It may seem counterintuitive that the best way to fund mass transit in the Twin Cities might be to destroy the entity that provides nearly a third of the funding for mass transit.
 
But that is the strategy being advanced by those in favor of completing a network of light rail and bus rapid transit lines throughout the Twin Cities: to dissolve the Counties Transit Improvement Board — the five-county entity that collects a quarter-percent sales tax to build new Metro Transit lines — and let the counties go it alone.
 
Taking such a path would add to the complexity of funding, building and operating future transit projects, such as the Bottineau Blue Line extension or the Gateway bus rapid transit line. But, thanks to a quirk in state law, it would also allow counties in the Twin Cities to double the sales taxes they collect for transportation needs.
 
In fact, by leaving CTIB, Hennepin, Ramsey, Washington, Dakota and Anoka county commissioners could increase the current sales tax in their respective counties from 0.25 percent to 0.50 percent. That extra money — $80 million to $90 million a year in Hennepin and Ramsey counties alone — would allow many of the rail and BRT projects that now sit in the planning stages to be funded without any money from the state of Minnesota.
 
The maneuver would even provide enough money to cancel the ad hoc funding plan that preserved SWLRT last summer — the so-called certificates of participation that the Met Council had agreed to sell to replace state funds for the project.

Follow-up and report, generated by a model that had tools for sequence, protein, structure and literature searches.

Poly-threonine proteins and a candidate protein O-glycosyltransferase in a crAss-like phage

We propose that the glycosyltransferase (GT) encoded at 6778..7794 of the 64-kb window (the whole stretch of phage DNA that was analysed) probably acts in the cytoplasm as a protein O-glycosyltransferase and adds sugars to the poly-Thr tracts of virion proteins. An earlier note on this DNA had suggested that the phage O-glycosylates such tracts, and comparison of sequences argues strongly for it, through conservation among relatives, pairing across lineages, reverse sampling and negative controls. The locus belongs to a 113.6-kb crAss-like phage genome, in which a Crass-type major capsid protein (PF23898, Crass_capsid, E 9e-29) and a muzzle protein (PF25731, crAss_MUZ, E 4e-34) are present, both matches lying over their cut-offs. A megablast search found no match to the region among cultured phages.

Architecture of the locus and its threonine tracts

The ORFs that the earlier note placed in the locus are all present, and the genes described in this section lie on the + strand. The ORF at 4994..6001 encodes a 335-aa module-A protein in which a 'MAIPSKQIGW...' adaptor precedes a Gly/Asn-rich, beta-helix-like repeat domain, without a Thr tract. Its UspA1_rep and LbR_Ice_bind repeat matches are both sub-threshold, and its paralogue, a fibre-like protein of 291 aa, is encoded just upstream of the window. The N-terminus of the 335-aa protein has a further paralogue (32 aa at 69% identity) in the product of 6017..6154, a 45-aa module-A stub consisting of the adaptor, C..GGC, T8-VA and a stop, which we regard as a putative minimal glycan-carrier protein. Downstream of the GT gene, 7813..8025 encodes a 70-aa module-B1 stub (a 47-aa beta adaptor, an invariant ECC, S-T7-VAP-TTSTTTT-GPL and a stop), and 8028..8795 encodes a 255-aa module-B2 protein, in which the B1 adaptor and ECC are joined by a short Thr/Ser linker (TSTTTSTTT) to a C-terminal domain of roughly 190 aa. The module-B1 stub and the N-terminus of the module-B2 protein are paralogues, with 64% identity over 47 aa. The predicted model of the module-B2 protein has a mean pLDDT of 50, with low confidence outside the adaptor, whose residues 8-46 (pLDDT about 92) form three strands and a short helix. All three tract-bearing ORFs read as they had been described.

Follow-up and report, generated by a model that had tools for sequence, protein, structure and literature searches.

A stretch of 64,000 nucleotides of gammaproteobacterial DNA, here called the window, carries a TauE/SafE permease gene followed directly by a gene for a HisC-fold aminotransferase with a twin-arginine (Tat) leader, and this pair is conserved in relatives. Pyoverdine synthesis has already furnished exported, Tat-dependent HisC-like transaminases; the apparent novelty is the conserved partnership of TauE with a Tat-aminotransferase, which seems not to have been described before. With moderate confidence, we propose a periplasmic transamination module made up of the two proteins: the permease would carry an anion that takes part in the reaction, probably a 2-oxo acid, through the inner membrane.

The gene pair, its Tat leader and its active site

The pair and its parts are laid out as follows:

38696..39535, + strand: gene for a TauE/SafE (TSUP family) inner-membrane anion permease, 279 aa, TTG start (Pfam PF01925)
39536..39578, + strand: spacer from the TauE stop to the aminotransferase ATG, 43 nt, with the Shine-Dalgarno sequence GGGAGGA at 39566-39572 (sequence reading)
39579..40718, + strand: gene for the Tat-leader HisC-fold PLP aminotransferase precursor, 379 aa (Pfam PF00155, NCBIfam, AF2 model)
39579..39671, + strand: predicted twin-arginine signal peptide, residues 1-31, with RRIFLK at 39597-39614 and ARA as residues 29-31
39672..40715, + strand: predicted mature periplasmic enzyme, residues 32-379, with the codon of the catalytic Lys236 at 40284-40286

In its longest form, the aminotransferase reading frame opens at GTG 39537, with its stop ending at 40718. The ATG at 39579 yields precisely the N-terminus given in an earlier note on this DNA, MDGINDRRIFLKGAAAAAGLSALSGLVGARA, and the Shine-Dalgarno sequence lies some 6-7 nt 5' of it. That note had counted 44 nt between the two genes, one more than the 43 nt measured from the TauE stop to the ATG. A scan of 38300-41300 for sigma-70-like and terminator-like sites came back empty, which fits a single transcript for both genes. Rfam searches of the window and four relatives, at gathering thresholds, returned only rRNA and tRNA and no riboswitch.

The dissolution plan is already permitted by state law, removing the chances that it could be tied up in the conflict between Gov. Mark Dayton and the Legislature over transportation, an impasse now entering its third year.
 
A step back for regionalism? 
The plan will be presented to the House transportation committee at the Legislature on Tuesday. Then on Wednesday, the CTIB board will consider a resolution declaring its preliminary intent to dissolve the operation.
 
Hennepin County Commissioner Peter McLaughlin called the plan's implicit rebuke of regional planning “not the greatest.”  
 
“If you’re a protagonist for greater regionalism, it’s — on its face — a step in the wrong direction,” he said. “But as a regionalist, it’s a way to build out the regional transit system.” 
 
While legislative Republicans have not been supportive of more light rail in the Twin Cities, McLaughlin said he thinks there is something in the plan that opponents could support. First, it would remove Southwest LRT — and going forward, light rail in general — from the legislative debate over transportation funding.
 
It also gets rid of the certificates of participation funding mechanism that has galled Republican transportation leaders, who have termed their use an end run around the Legislature as well as a violation of a pledge by Met Council leadership not to use them. The Met Council approved selling the certificates — a form of borrowing that pledges existing Met Council revenues of around $9 million a biennium or $4.5 million a year for repayment — last year as a last gasp maneuver to keep the project in line for a federal match. But the council decided not to issue the certificates until the summer of 2017 to give the Legislature a chance to come up with a different funding mechanism for Southwest LRT.